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Cross country wins fourth straight state championship

  • Athletics
Cross country wins fourth straight state championship
The cross country team poses for a photo after their fourth-straight win at state.

 

HENDERSONVILLE, Tenn. – McCallie sophomore Jack Bowen didn't win the TSSAA Division II-AA state cross country meet on Thursday afternoon at Sanders Ferry Park. He finished second, just ahead of senior teammate Hugh Carlson.

But that didn't mean that both of them were anything other than ecstatic over what those finishes helped accomplish.
 

Jack Bowen with the plaque

"It went exactly like we wanted it to," said Bowen after his school-record time of 15:18.3 led the Blue Tornado to its fourth straight state championship. "This feels really good. It feels even a little better with the school record."

Added Carlson, who finished ahead of Bowen in October's McCallie Invitational, "I'm as satisfied as I can be. I'm honestly surprised. Coach (Mike Wood) kept telling us at the start of school that Brentwood (Academy) was at another level. I'd had a summer job and hadn't trained as much as usual. A couple of us were out of shape. But we were ready today."

Brentwood Academy's Luke Thompson was at a slightly higher level than the Blues, topping Bowen for first place with a time of 15:16.

But McCallie more than countered that by Evan Simpson finishing sixth overall (15:42), Grady Outlaw 11th (16:05), Harry Carter 12th (16:26) and senior Nate Armstrong 13th (16:26.5).

Because all six were in the top 15, they'll all earn All-State honors, the first time the school has had more than five earn that distinction.

"Four in a row," said McCallie headmaster Lee Burns as he soaked in achievement. "It's really exciting to see what a strong program and tradition we have in this sport. And this is such a great group of boys. They represent McCallie so well."

They're piling up cross country titles so well that longtime coach and faculty member John McCall, now semi-retired, said Thursday that he'll have to add the 2022 title to the right sleeve of his custom-made windbreaker because the left sleeve has run out of room, what with the Blue Tornado state title count now at nine for cross country.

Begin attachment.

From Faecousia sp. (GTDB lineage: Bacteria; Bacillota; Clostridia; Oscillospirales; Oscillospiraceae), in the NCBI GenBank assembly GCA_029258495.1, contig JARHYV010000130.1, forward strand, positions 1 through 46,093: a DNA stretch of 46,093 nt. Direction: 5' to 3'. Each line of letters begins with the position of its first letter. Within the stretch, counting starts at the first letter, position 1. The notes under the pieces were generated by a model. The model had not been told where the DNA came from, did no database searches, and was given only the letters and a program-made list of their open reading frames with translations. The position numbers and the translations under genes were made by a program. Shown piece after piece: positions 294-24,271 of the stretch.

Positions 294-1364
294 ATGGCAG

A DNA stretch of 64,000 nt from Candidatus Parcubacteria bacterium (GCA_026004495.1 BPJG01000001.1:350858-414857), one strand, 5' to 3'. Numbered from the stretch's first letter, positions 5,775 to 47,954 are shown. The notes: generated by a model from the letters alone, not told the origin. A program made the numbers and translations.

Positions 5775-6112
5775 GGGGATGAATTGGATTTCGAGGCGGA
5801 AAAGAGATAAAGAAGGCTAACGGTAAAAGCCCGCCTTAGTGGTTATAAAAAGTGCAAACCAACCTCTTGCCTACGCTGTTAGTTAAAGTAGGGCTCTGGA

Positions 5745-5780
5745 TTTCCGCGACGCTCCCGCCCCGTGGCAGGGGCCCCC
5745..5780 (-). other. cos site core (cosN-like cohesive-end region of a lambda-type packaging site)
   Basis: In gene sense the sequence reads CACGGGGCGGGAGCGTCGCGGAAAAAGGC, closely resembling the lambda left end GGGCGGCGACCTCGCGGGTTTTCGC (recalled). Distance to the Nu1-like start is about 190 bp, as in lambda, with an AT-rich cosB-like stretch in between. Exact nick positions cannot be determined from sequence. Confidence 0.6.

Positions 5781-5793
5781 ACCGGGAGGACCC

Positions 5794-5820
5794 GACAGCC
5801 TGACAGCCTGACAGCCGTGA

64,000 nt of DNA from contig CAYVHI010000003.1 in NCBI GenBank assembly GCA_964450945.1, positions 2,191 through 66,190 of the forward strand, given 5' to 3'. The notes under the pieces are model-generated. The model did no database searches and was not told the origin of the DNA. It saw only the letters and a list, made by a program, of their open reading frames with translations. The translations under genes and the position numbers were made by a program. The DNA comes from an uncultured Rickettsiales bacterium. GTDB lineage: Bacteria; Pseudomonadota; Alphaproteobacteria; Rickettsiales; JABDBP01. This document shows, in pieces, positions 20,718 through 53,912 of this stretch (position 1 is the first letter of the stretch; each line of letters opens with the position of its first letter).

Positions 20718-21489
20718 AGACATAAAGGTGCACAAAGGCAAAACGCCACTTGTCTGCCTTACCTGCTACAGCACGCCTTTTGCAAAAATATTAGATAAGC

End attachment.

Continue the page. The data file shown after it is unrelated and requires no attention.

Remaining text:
And both Carlson and Armstrong expect such excellence to continue following their graduation in the spring.

"Scary to say, but they're going to get along just fine without me," said Carlson, who'll also be an important member of the track team in the spring. "They're going to be better (next year) than we ever were."

Said Armstrong: "I'm looking for a five-peat next year."

Head coach Mike Wood and assistant Rodney Stoker won't discuss next year just yet, but Wood was willing to admit this 2022 team is probably his best yet.

"In 2005 and 2013 we had incredible teams," he said. "But this one's better. Fastest team I've ever had. And they enjoy putting in the work."

Carlson believes the sleep they've begun getting after the work is also a key reason for their success.

"Sleep's our secret recipe," he said. "We're getting nine to 10 hours of sleep a night. We're doing the same amount of running, but we're faster. You have to stay disciplined."

A window into that discipline: When best-selling author David Magee spoke at both McCallie and GPS last week about many of the problems facing our young people these days, he mentioned that today's youth gets two hours less sleep a night than the generation before them. He also mentioned that the average teenager is on their cellphone nine-and-a-half hours a day.

So how much does Carlson estimate he's glued to his phone? "Maybe a three hours a day," he estimated. "And that's only because I do some of my homework on my phone."

One other thing the team has changed this season is where to eat their victory meals. Long wedded to Waffle House, they were set to dine at Cracker Barrel Thursday afternoon.

"Pancakes," said Bowen of his expected order.

"Momma's Pancake Breakfast with all the trimmings," added Armstrong.

"Chicken and dumplings," chimed in Carlson. "And two baskets of biscuits."

And just when was the last time Carlson ate two baskets of biscuits?

"This time last year," he grinned.

Of course, the previous three straight cross country crowns have also led to a Division II-AAA football state title. Armstrong believes Thursday's cross country title can lead to a similar football result on the first Thursday of December inside Chattanooga's Finley Stadium.

"They always look to see how we've done," Armstrong said. "Maybe this will put some dog in them for the playoffs."

According to assistant cross country coach Duke Richey, it already sounds like such encouragement is underway.

"(Offensive lineman) EJ Smith saw me at lunch yesterday and asked if were going to win the state," Richey recalled. "I said, 'We like our chances.' He said, 'Good, that will motivate us.'"

As he prepared to address his team following its victory, Wood was asked what has made this group special these past four years, especially the last three since a senior-dominated squad won it all in 2019, not long before COVID-19 hit.

"It's pretty corny," Wood replied. "But I'd go with brotherhood and love. They've been together three years and they're really close. They spend a lot of time together outside of practice. They just get along so well."

Then Wood broke into a tiny smile. "And it doesn't hurt," he added, "that they have some talent."
 

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